June 18, 1989
As a doctor, Marvin, you surely must know the dangers inherent in practicing outside one's area of specialization. WES CLARK El Toro
December 19, 1985
The Soviet Union and nine Communist allies launched a 15-year program to upgrade their economies in areas ranging from microelectronics to atomic energy. Prime ministers of the 10-nation trade bloc Comecon signed the accord, prepared during the last 12 months by Soviet officials, after a two-day meeting in Moscow. The program calls for more cooperation, specialization by individual member-countries in certain branches of industry, increased labor productivity and higher-quality goods.
May 11, 1987
In a lifetime of work as a professional librarian and avid bibliophile, I have seldom read a book review as concerned and caring as the one by Lee Dembart of "The Civilized Engineer" by Samuel C. Florman ("An Engineer Extols Virtues of a Humanistic Outlook," April 28). It strikes me as an important book for educators and intellectuals alike to read and ponder over, especially in this age of specialization and computerization. For even if the cultural gap between science and humanism cannot be bridged, as Dembart states, at least with profound pleas such as Florman's, there can be communication.
CALIFORNIA | LOCAL
June 18, 1988
Greenberg correctly points out that indeed some are given undeserved continuing medical education (CME) credits. In all fairness, it must be pointed out that given the cost for attending any medical meeting, it would be foolish for any professional not to try to get his money's worth of education. It is certainly utopian for anyone to believe that there exists a foolproof system to guarantee competence. With the increasing sophistication and specialization in medicine, it is nearly impossible to devise a reliable test to relicense each physician periodically.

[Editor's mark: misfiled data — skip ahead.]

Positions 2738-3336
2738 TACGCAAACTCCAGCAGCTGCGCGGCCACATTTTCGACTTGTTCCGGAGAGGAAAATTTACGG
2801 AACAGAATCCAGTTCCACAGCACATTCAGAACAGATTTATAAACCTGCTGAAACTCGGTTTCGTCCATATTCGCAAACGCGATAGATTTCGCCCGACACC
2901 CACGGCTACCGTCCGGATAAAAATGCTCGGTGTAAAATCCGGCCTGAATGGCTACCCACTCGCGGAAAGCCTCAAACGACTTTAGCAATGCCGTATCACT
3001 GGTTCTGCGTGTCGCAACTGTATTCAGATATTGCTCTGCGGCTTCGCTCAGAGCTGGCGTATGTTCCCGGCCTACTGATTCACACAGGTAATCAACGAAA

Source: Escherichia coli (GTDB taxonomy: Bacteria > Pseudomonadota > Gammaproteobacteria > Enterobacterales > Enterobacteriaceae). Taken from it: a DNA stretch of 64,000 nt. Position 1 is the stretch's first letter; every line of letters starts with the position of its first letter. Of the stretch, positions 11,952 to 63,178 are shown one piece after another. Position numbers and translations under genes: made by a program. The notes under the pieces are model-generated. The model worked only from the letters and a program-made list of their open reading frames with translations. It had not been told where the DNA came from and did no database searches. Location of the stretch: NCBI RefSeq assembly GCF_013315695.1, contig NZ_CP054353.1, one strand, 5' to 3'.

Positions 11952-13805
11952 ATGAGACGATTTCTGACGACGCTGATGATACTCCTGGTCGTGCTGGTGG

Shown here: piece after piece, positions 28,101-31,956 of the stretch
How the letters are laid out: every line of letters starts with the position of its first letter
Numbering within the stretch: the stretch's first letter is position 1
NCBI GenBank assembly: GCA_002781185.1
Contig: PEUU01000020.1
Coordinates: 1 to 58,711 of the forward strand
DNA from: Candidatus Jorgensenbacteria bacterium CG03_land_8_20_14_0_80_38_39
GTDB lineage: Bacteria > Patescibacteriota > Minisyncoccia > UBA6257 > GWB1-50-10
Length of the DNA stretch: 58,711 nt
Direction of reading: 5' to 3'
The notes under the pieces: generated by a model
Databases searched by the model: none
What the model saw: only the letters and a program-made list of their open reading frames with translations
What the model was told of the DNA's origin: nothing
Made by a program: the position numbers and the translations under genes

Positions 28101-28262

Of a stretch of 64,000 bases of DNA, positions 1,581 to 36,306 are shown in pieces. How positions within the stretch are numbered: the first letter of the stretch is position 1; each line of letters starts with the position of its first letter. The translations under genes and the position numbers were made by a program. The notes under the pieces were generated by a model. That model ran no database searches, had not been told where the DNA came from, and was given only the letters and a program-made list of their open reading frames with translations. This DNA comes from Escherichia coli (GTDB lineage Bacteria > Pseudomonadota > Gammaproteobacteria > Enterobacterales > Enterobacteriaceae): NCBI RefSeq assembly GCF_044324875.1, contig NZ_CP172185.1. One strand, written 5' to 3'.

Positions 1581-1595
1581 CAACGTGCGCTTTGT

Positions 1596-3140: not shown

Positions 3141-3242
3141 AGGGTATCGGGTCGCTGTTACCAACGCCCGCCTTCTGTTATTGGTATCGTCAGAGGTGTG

May 19, 1985
"Neither reading nor writing flourishes in our blessed United States," Cleanth Brooks, the eminent literary critic, said recently. "In important respects, we are an illiterate nation." Anyone even mildly interested in literature, language and words knows the truth of Prof. Brooks' lament. Part of the problem, at least, is the increased specialization demanded by a highly specialized world.
July 18, 2011 |
Before John Lennon imagined "living life in peace," he conjured "no heaven … / no hell below us …/ and no religion too. " No religion: What was Lennon summoning? For starters, a world without "divine" messengers, like Osama bin Laden, sparking violence. A world where mistakes, like the avoidable loss of life in Hurricane Katrina, would be rectified rather than chalked up to "God's will. " Where politicians no longer compete to prove who believes more strongly in the irrational and untenable.